6 June. Acts 15:1-20

6 June. Paul and Barnabas attend the Council of Jerusalem

"Then some [Jewish] people came to Antioch [in Syria] from Judea and began teaching the non-Jewish believers: 'You cannot be saved if you are not circumcised as Moses taught us.' Paul and Barnabas were against this teaching and argued with them about it."

"So the church [in Antioch] decided to send Paul, Barnabas and some others to Jerusalem where they could talk more about this with the apostles and elders. The church helped them leave on the trip, and they went through the countries of Phoenicia and Samaria, telling all about how those who were not Jewish had turned to God. This made all the believers very happy."

"When they arrived in Jerusalem, they were welcomed by the apostles, the elders and the church. Paul, Barnabas and the others told about everything God had done with them. But some of the believers [in Jesus] who belonged to the [Jewish] Pharisee group came forwards and said, 'The non-Jewish believers must be circumcised. They must be told to obey the law of Moses.'"

"The apostles and the elders gathered to consider this problem [of whether believers in Jesus had to become Jews]. After a long debate, Peter stood up and said to them, 'Brothers, you know that in the early days God chose me [a Jew] from among you [Jews] to preach the Good News to those who are not Jewish'." [See Acts 10:1-48]

"'They heard the Good News from me, and they believed. God, who knows the thoughts of everyone, accepted them. He showed this to us by giving them the Holy Spirit, just as he did to us. To God, these people are not different from us.'"

"'So now why are you testing God by putting a heavy load [of keeping the Jewish law] around the necks of the non-Jewish believers? It is a load that neither we nor our ancestors were able to carry. But we believe that we and they too will be saved by the grace of the Lord Jesus...'"

"After they finished speaking, James [the leader of the church in Jerusalem] said, 'Brothers, listen to me. Simon [Peter] has told us how God showed his love for the non-Jewish people. For the first time he is accepting from among them a people to be his own...'"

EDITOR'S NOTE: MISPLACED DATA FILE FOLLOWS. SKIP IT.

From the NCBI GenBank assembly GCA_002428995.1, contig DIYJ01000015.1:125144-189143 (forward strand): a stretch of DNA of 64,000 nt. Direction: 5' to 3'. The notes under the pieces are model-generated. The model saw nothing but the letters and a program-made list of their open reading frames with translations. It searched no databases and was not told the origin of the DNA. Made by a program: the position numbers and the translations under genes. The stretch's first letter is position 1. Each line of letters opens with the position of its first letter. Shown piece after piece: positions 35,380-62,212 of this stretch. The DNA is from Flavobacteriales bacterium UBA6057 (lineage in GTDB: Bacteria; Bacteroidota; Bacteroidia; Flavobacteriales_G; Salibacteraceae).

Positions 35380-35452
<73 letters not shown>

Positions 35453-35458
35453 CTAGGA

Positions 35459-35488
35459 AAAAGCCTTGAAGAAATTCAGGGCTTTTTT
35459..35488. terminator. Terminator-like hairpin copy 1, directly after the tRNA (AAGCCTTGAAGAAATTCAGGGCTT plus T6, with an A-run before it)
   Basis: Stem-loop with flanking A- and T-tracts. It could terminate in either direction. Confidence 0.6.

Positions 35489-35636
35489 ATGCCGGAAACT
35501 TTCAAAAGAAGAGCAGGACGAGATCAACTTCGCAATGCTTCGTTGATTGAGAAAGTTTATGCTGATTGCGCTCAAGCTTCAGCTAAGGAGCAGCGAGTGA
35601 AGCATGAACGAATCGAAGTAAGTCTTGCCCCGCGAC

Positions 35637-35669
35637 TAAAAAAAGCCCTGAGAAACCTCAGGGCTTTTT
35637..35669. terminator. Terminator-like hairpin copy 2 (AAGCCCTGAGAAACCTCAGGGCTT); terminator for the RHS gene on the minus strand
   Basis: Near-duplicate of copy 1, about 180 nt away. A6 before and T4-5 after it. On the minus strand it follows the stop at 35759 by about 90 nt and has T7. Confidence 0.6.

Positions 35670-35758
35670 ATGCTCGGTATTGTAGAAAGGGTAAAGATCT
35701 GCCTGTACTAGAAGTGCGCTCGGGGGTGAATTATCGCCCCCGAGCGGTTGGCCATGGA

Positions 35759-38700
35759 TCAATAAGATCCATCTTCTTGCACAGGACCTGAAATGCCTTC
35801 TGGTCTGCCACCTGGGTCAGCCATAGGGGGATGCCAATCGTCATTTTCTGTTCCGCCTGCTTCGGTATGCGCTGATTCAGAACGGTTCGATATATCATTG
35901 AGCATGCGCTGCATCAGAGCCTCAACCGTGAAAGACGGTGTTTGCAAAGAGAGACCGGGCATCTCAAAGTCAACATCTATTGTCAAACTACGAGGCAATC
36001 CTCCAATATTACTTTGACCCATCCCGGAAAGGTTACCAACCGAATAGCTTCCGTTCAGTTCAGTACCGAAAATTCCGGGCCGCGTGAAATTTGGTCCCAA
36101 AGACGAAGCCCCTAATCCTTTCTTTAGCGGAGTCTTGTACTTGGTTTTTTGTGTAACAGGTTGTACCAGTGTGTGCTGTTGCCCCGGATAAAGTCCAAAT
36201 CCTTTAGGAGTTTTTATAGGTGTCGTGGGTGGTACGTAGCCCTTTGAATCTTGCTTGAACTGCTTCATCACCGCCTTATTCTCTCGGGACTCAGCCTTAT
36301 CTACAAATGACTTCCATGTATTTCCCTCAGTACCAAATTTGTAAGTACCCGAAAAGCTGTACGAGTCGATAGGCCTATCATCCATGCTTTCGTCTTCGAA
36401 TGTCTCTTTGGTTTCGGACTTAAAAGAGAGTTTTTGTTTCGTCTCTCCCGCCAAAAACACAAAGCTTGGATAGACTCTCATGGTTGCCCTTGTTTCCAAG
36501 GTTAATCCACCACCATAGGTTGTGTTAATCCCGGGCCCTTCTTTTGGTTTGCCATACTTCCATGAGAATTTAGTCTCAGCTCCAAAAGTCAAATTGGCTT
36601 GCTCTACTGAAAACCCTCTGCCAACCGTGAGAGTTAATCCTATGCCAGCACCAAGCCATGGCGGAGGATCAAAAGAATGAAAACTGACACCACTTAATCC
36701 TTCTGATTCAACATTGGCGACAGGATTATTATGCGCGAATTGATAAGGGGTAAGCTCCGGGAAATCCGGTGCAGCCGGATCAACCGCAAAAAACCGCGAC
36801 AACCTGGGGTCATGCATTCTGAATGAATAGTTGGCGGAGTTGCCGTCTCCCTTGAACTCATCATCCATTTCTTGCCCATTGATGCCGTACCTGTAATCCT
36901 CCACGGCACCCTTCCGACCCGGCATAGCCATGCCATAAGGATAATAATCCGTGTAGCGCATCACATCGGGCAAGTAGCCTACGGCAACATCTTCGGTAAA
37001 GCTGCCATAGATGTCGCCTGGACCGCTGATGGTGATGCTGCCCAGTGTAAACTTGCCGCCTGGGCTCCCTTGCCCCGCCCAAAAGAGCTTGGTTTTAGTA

"'So I think we should not bother the non-Jewish people who are turning to God [with Jewish rituals]. Instead, we should write a letter to them telling them these things: stay away from food that has been offered to idols... any kind of sexual sin, eating animals that have been strangled, and blood.'"

          (Acts 15:1-20)

 

 

Some months after Paul and Barnabas returned from their 'first missionary journey', a group of traditional Hebraic Jewish believers from Jerusalem arrived in Antioch. They began to teach that the new non-Jewish Gentile believers (whose faith was in Jesus as the Jewish Messiah) must be circumcised as Jewish converts.

Paul (a more radical Greek-speaking Jew) fiercely disagreed with the Jewish believers from Jerusalem, and argued against them. So he and Barnabas were sent to Jerusalem to report on their missionary activity among the Gentiles in Galatia.

They travelled south through Phoenicia and Samaria with a Gentile believer, Titus, (see Galatians 2:1) and were welcomed by the apostles and leaders of the church in Jerusalem.

The leaders in Jerusalem met during the winter of 49/50AD to discuss their policy towards Gentile believers. At that time, believers in ‘the Way of Salvation’ (see Acts 9:2) were still regarded as a Jewish sect. Only later, in Antioch – where the first Gentile church was established and believers were called ‘Christians’ for the first time (see Acts 11:19-26) – was the Christian church recognised as something uniquely distinct from Judaism.

Paul and Barnabas addressed the assembly of believers and told them about the miraculous signs and wonders that God had done among the Gentiles in Galatia (see Galatians 3:2 & 4:8-16).

James concluded that the Jewish believers shouldn’t make it difficult for the Gentiles who were turning to God by insisting that they convert to Judaism. Non-Jewish believers (such as Titus – see Galatians 2:3) were no longer required to follow the traditional Jewish religious rituals such as circumcision and ritual cleansing. In effect, after the Council of Jerusalem, Christianity became a new faith community open to both Jews and non-Jews across the known world.

The council meeting also decided that James, Peter and John (the leading members of the Christian community in Jerusalem) should concentrate on witnessing to the Jews, while Paul and Barnabas were given the leaders’ blessing to take the Good News to the Gentiles across the whole Roman world (see Paul's account of the Council of Jerusalem in Galatians 2:1-9).

The photo shows the city walls of Jerusalem near the Tower of David (by EdoM).

You can read more about the Council of Jerusalem @ https://www.thebiblejourney.org/…/paul-barnabas-attend-the…/


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